- The Washington Times - Wednesday, January 16, 2002

Ayatollah's pardon ends Iran standoff
TEHRAN Iran's supreme leader, Ayatollah Ali Khamenei, stepped in to defuse a quarrel between reformist deputies and the hard-line judiciary yesterday, pardoning an imprisoned member of parliament after the speaker threatened a boycott.
Hossein Loghmanian, found guilty of criticizing the judiciary, was sent to Tehran's notorious Evin prison last month.
Parliament Speaker Mehdi Karroubi declared in an emotional speech yesterday that Mr. Loghmanian's imprisonment was an act of aggression against the assembly and that he would not chair any sessions until the legislator was freed.
All but 48 members in the 290-seat parliament followed his example and walked out. Some threatened to resign en masse.
It was then that Ayatollah Khamenei, who appoints the judiciary chief and holds all the key reins of power, intervened to avert a potential crisis.

Soldiers, police clash after Philippine rally
JOLO, Philippines Fighting broke out today between soldiers and police supporters of jailed Muslim leader Nur Misuari in his southern Philippines island base, officials said.
Police officers who were former members of Misuari's Moro National Liberation Front (MNLF) guerrilla group attacked a unit of Army Scout Rangers in the commercial center of Jolo, leaving an undetermined number of casualties, security officials said.
The fighting broke out after a rally for a jailed ex-governor yesterday, killing 15 persons, mostly soldiers and police.

Irish candidate elected EU Parliament chief
STRASBOURG, France Irish Liberal Pat Cox was elected president of the European Parliament yesterday following an unexpectedly tough fight from a Scottish challenger with close ties to British Prime Minister Tony Blair.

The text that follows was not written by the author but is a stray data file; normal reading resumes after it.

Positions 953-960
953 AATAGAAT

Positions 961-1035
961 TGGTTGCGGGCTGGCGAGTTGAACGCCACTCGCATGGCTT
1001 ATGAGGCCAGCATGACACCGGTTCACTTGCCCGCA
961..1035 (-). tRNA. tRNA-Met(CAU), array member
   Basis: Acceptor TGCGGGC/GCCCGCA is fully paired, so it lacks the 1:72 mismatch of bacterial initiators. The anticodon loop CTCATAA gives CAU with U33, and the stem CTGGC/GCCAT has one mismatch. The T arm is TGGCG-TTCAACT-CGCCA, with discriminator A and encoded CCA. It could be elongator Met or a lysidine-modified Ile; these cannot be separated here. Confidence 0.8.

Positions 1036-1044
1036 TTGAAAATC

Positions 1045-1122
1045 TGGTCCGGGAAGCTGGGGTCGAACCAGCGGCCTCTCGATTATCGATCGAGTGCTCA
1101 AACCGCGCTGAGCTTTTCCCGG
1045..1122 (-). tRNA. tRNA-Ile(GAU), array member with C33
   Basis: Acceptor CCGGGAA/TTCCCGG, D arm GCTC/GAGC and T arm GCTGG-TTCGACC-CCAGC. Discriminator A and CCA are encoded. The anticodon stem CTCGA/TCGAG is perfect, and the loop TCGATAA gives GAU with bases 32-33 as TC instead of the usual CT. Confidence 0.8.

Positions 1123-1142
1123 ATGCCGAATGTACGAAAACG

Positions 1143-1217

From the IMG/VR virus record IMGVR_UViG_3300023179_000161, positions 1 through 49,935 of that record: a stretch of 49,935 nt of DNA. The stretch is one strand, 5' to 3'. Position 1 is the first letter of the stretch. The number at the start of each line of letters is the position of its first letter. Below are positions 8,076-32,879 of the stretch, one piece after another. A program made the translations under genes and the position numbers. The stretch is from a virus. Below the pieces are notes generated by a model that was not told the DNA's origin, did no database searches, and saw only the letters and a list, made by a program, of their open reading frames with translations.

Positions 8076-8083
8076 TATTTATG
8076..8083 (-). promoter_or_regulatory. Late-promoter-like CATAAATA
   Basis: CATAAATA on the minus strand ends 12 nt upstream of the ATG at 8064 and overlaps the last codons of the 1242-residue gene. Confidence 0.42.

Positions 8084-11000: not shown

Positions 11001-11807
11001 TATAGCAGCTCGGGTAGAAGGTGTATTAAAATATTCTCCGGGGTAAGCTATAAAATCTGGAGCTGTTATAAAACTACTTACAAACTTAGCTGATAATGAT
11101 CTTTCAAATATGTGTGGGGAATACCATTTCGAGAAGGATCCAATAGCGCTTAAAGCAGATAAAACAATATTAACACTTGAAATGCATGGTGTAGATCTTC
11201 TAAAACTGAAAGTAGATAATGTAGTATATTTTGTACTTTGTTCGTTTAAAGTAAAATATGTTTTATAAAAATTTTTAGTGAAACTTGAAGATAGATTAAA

It was the first time in the Parliament's 52-year history that a true contest took place to elect the most powerful member of this EU institution. In the past, a candidate won the job through prearranged deals between the parties.
Mr. Cox, a former journalist, won an absolute majority in the third round of balloting with 298 votes against 236 for Scottish socialist David Martin and 33 for Danish nationalist Jens-Peter Bonde.
Three other candidates also had entered the election to replace outgoing French conservative Nicole Fontaine.

Russian independent TV drops tycoon ex-owner
MOSCOW Journalists at Russia's embattled TV6 station, the only television channel outside Kremlin control, abandoned its tycoon former owner yesterday as they fought to obtain a fresh lease on life as a new company.
Dozens of TV6 journalists joined forces to form a new firm after the station lost a court battle to overturn a closure order last week, a spokeswoman said.
Media Minister Mikhail Lesin said Monday that Moscow would revoke TV6's broadcast license as soon as a commission was set up to oversee its court-ordered liquidation.
But the new company also called TV6 will not take with it former owner and ex-Kremlin insider Boris Berezovsky, a sharp critic of Russian President Vladimir Putin seen by many as the source of TV6's problems.

Sri Lanka removes sanctions on rebel areas
PIRAMANALANKULAM, Sri Lanka The Sri Lankan government yesterday lifted 7-year-old economic sanctions on areas held by Tamil Tiger rebels, allowing 30 truckloads of essential goods into northern jungles.
The trucks left Vavuniya, the last government-held town in the north, loaded with sacks of rice, sugar and fertilizer; bags of cement; and barrels of gasoline, kerosene and diesel.
As the trucks traveled through teak forest, hundreds of Tamil civilians, including mothers holding babies, cheered the drivers.

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